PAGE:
Results illuminate evolutionary interaction between virus and human immune system
An international research team has identified immune-system genes that appear to play a key role in the body’s defense against HIV, the virus that causes AIDS. The findings may lead to ways of circumventing the virus’s ability to avoid vaccines by rapid mutation. The study in the Dec. 9 issue of Nature also describes how HIV infection is driving human evolution, since individuals with protective versions of the identified genes are more likely to survive and pass those genes along to children. Including researchers from the University of Oxford and the University of KwaZulu-Natal in South Africa, the investigation is a result of a program established by the Partners AIDS Research Center at Massachusetts General Hospital (MGH).
"This study identifies the genetic battleground where the struggle between HIV and the human immune response occurs," says Philip Goulder, MD, PhD, of the Partners AIDS Research Center at MGH, the study’s principal investigator. "The findings will help in understanding precisely how the immune system can succeed or fail against HIV, a prerequisite for a rational approach towards design of an HIV vaccine." Goulder also has an appointment at the Peter Medawar Building for Pathogen Research at Oxford.
Sue McGreevey | EurekAlert!
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Astronomers from Bonn and Tautenburg in Thuringia (Germany) used the 100-m radio telescope at Effelsberg to observe several galaxy clusters. At the edges of these large accumulations of dark matter, stellar systems (galaxies), hot gas, and charged particles, they found magnetic fields that are exceptionally ordered over distances of many million light years. This makes them the most extended magnetic fields in the universe known so far.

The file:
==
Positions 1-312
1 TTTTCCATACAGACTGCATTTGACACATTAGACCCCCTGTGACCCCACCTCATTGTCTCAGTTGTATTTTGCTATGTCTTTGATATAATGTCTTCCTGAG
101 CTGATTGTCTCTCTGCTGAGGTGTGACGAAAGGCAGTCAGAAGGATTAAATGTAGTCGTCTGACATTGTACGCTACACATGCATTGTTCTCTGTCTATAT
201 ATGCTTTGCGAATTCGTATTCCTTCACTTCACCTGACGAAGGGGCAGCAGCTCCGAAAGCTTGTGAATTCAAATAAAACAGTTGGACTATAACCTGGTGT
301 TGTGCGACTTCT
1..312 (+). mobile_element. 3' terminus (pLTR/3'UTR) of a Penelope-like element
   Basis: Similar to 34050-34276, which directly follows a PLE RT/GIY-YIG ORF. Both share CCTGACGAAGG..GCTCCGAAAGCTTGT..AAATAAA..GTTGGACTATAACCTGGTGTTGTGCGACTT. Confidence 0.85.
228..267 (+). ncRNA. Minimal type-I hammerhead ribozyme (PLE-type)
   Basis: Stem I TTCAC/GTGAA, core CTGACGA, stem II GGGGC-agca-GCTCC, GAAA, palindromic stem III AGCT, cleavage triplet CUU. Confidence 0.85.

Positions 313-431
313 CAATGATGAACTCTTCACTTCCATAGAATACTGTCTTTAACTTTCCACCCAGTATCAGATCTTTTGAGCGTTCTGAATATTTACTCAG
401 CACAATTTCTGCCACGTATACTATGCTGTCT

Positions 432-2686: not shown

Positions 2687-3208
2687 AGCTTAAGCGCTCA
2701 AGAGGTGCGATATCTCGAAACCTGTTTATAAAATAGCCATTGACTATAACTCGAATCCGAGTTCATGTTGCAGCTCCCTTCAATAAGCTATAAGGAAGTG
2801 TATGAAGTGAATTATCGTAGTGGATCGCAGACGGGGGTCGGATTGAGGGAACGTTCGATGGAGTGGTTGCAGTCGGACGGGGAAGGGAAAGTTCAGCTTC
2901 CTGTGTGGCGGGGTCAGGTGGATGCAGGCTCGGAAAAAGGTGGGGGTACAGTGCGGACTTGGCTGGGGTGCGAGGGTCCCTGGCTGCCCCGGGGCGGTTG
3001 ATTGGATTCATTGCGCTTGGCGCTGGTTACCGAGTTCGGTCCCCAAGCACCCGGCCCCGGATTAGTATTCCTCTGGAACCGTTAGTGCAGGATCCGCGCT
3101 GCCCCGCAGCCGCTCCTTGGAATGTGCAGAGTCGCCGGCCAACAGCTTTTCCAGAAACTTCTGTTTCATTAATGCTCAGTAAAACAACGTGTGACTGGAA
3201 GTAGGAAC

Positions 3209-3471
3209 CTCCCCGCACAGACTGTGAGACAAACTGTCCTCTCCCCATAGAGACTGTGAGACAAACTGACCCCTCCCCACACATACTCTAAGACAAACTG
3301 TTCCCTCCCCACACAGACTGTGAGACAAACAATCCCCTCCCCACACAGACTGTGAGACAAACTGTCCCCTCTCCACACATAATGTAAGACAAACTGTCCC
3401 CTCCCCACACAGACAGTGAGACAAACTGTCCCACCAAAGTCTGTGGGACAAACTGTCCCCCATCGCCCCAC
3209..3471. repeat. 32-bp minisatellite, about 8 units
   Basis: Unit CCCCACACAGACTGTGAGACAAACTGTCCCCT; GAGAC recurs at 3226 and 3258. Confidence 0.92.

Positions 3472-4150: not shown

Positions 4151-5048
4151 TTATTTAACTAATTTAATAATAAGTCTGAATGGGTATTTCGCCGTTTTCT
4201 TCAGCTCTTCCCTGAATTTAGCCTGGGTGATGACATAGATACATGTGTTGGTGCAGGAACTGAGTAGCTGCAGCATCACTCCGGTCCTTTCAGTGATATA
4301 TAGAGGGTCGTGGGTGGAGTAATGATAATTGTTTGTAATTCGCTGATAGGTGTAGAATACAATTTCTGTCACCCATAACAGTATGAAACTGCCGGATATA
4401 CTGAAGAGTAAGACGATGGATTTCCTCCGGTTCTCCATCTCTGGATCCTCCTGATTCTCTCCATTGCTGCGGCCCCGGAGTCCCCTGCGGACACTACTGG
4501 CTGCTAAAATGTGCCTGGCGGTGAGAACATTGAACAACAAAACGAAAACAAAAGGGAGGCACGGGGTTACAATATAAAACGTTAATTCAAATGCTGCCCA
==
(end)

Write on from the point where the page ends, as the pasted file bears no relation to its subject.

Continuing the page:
The results will be published on March 22 in the journal „Astronomy & Astrophysics“.
Galaxy clusters are the largest gravitationally bound structures in the universe. With a typical extent of about 10 million light years, i.e. 100 times the...
Researchers at the Goethe University Frankfurt, together with partners from the University of Tübingen in Germany and Queen Mary University as well as Francis Crick Institute from London (UK) have developed a novel technology to decipher the secret ubiquitin code.
Ubiquitin is a small protein that can be linked to other cellular proteins, thereby controlling and modulating their functions. The attachment occurs in many...
In the eternal search for next generation high-efficiency solar cells and LEDs, scientists at Los Alamos National Laboratory and their partners are creating...
Silicon nanosheets are thin, two-dimensional layers with exceptional optoelectronic properties very similar to those of graphene. Albeit, the nanosheets are less stable. Now researchers at the Technical University of Munich (TUM) have, for the first time ever, produced a composite material combining silicon nanosheets and a polymer that is both UV-resistant and easy to process. This brings the scientists a significant step closer to industrial applications like flexible displays and photosensors.
Silicon nanosheets are thin, two-dimensional layers with exceptional optoelectronic properties very similar to those of graphene. Albeit, the nanosheets are...
Enzymes behave differently in a test tube compared with the molecular scrum of a living cell. Chemists from the University of Basel have now been able to simulate these confined natural conditions in artificial vesicles for the first time. As reported in the academic journal Small, the results are offering better insight into the development of nanoreactors and artificial organelles.
Enzymes behave differently in a test tube compared with the molecular scrum of a living cell. Chemists from the University of Basel have now been able to...
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